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title("Clinton's Triumphant Tour of Latin â€¦
New Exception to the Rulers, â€¦
The Full Monty: Taking It â€¦
Law & Order
Excerpt from The Trouble With â€¦
Greenhouse Politics in Kyoto
A Cry For Help
Off The Beaten Path
American Labor on the Eve â€¦
Jan knippers Black
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Off The Beaten Path
After decades of steady expansion the record industry has finally bottomed out. With record sales at $12.3 billion in 1995, $12.5 in 1996 and only a mild upswing projected for 1997, industry executives must now figure out where the next burst of market expansion will be coming from. Part of the problem, from a business perspective, is that a large portion of the music-buying public has now replaced their old record collections with CDs and thus one "artificial" source of consumer demand has been satisfied. However, the most serious problem is market saturation. During the last five years, the relentless marketing of hip-hop, "alternative" rock, and "new" country has overexposed and used up artists and music genres that only recently fueled consumer consumption. And while industry bosses have been throwing obscene amounts of money at so-called proven superstars and hoped for next-big-thing blockbusters, new and more challenging musicians have been ignored. As a result, the mainstream marketplace has become a wasteland of boring copycat "superstars" with short shelf life and little artistic credibility.
On the far side of the mainstream marketplace, however, there are musicians and whole genres of music that exist beyond conformist commercial pressures that drive the trends manipulated by the Big Six (Sony, Time Warner, Sony, Philips, Seagram, and Bartelsmann). Musical styles such as jazz, bluegrass, folk, cajun and zydeco, celtic, classical, gospel, and various other "small market" genres appeal to tastes that owe little to mass market advertising schemes, MTV, television, radio, and pop journalism. The many musicians who play music for these semi-popular audiences are motivated by muse, artistic integrity, and community needs rather than a quest for pop fame and fortune. Increasingly, many of them also are self-consciously resistant to having their persona or creativity molded and distorted by the forces of mass market music making.
With this in mind, over the next few months, this column will be focusing attention on musical forms and performers that follow along less beaten musical paths. Highlighted this month are a number of "up-and-coming" musicians whose recent album releases provided some of the freshest sounds of 1997.
Kelly Joe Phelps, Roll Away The Stone (Rykodisc)
Mixing traditions of folk and rural blues, Kelly Joe Phelps plays music that carries faint echoes of Lead Belly, Blind Lemon Jefferson, Woody Guthrie, and Doc Watson. Accordingly, his sound conjures up visions of hot muggy Delta nights, flat desolate landscapes of Texas and Oklahoma, struggle and yearning. But it is through his smoky, almost ghostly singing and awesome acoustic guitar that Phelps defines a personal and contemporary voice. Holding to quiet, meditative ballads and spirituals, Phelps moans and whispers his lyrics against a subtle, intricate weave of finger and slide work. Though his songs never relinquish their dark, ancient surface, Phelps is probing for salvation in the here and now.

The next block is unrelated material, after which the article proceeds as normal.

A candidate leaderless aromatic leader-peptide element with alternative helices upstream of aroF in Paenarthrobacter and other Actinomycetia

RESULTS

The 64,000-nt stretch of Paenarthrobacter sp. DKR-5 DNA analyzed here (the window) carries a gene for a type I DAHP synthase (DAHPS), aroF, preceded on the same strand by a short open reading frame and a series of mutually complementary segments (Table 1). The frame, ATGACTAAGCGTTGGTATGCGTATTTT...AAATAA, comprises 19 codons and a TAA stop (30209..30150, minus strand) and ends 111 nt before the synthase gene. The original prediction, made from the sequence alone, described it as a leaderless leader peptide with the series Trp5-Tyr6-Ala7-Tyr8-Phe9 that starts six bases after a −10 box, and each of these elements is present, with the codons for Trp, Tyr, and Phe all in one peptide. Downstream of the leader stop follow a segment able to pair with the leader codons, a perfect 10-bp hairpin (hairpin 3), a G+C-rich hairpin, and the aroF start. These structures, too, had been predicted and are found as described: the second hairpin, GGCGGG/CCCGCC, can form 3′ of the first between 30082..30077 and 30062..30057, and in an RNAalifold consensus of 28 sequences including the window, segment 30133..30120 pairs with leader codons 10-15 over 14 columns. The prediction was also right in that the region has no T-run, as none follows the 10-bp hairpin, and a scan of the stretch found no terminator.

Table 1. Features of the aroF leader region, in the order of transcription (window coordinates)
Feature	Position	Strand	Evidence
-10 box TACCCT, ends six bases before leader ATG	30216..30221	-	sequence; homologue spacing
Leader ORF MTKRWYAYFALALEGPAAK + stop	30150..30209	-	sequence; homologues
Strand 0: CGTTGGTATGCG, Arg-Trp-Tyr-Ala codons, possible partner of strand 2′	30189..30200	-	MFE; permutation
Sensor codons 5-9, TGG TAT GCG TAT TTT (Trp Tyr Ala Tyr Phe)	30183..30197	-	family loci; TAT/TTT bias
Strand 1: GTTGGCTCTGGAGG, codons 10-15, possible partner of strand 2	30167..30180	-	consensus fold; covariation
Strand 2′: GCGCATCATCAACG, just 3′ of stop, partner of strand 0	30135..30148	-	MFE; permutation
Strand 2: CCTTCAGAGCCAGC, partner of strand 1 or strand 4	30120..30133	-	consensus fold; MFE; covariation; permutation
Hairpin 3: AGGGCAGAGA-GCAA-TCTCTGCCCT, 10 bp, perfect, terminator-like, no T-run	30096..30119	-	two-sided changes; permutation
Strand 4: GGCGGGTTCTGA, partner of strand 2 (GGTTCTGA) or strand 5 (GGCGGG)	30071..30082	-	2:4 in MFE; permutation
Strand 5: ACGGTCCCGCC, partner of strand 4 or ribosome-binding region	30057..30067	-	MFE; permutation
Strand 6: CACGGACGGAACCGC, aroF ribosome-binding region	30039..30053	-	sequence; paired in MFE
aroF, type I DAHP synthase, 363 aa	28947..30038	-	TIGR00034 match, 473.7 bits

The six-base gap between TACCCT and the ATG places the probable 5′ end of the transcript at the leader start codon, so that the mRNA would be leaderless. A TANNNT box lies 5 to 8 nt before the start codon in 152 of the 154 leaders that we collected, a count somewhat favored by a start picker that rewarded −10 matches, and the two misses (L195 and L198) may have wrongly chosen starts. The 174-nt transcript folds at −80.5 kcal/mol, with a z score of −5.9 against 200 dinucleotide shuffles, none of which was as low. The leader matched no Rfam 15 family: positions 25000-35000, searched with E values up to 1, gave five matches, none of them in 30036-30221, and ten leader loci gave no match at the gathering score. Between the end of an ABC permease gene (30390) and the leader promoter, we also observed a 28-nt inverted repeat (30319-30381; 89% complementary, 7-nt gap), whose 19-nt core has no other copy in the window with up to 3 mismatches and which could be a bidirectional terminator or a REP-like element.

Sleater-Kinney, Dig Me Out (Kill Rock Stars)
The Olympia, Washington-based rock trio known as Sleater-Kinney has all the ingredients of greatness--caustic lyrics, gut-wrenching emotions, hook-laden song structures and guitar driven fury. Led by co-vocalists/writers/guitarists Corin Tucker and Carrie Brownstein, with Janet Weiss on drums, Sleater-Kinney had their first two albums, 1995's Sleater-Kinney and Call The Doctor in 1996, tagged for the "riot grrrl" and punk crowd. But the accessible tunes and innovative vocal and guitar interplay between Tucker and Brownstein on Dig Me Out reveal a potential for a broad popular audience. The rants against male power and the vagaries of romance remain, but now the group seems to have gained a sophistication that sacrifices nothing in the way of raw, cathartic power. No contest--Dig Me Out is the rock album of the year.
Solas, Sunny Spells And Scattered Showers (Shanachie)
The thing that makes Irish music so wondrous and compelling is its ability to absorb and reflect so much human experience. History, political struggle, family and community celebrations, love, lust, joy, sorrow, mortality, and spiritual yearning flow naturally through the music, reflecting a whole way of life. In the young Irish-American supergroup, Solas, all the passions and textures of the music are given an especially vivid display. The quintet is made up of dazzling individual musicians. Seamus Egan plays an array of instruments including flute, banjo, guitar, tin whistle, mandolin, and assorted percussion. John Williams is a masterful button accordionist and winner of the All-Ireland senior concertina competition. Winifred Horan is a fiddler extraordinaire and John Doyle's guitar supplies urgent rhythmic drive. Finally, there is the pure, soaring soprano voice of Karen Casey. It all adds up to stunning virtuosity and imaginative ensemble play in service to emotions and stories of real life.
Jesus Alemany, Cubanismo! / Malembe (Hannibal/Rykodisc)
Despite the 36-year U.S. trade embargo against Cuba and Jesse Helms best efforts to place even more economic constraints on the island nation, U.S. record companies have begun licensing Cuban recordings from labels in Europe, Canada, and Japan for sale in the U.S. In the process doors have also started to open for Cuban musicians to tour. Thus gradually through the 1990s, a full spectrum of Cuban music (jazz, folk, rock, pop, and rap) is finding its way to our shores. One of last year's biggest commercial hits was a boiling descarga, or jam session, entitled Cubanismo! (Hannibal/Rykodisc). Recorded in Havana in 1995 by U.S. and British producer Joe Boyd, the album features London based trumpeter Jesus Alemany leading a brilliant band of Cuban all-stars playing exploding percussion and intoxicating salsa. The follow-up, Malembe, is no less exquisite.
Sonny Simmons, American Jungle (Quest/Warner Bros.)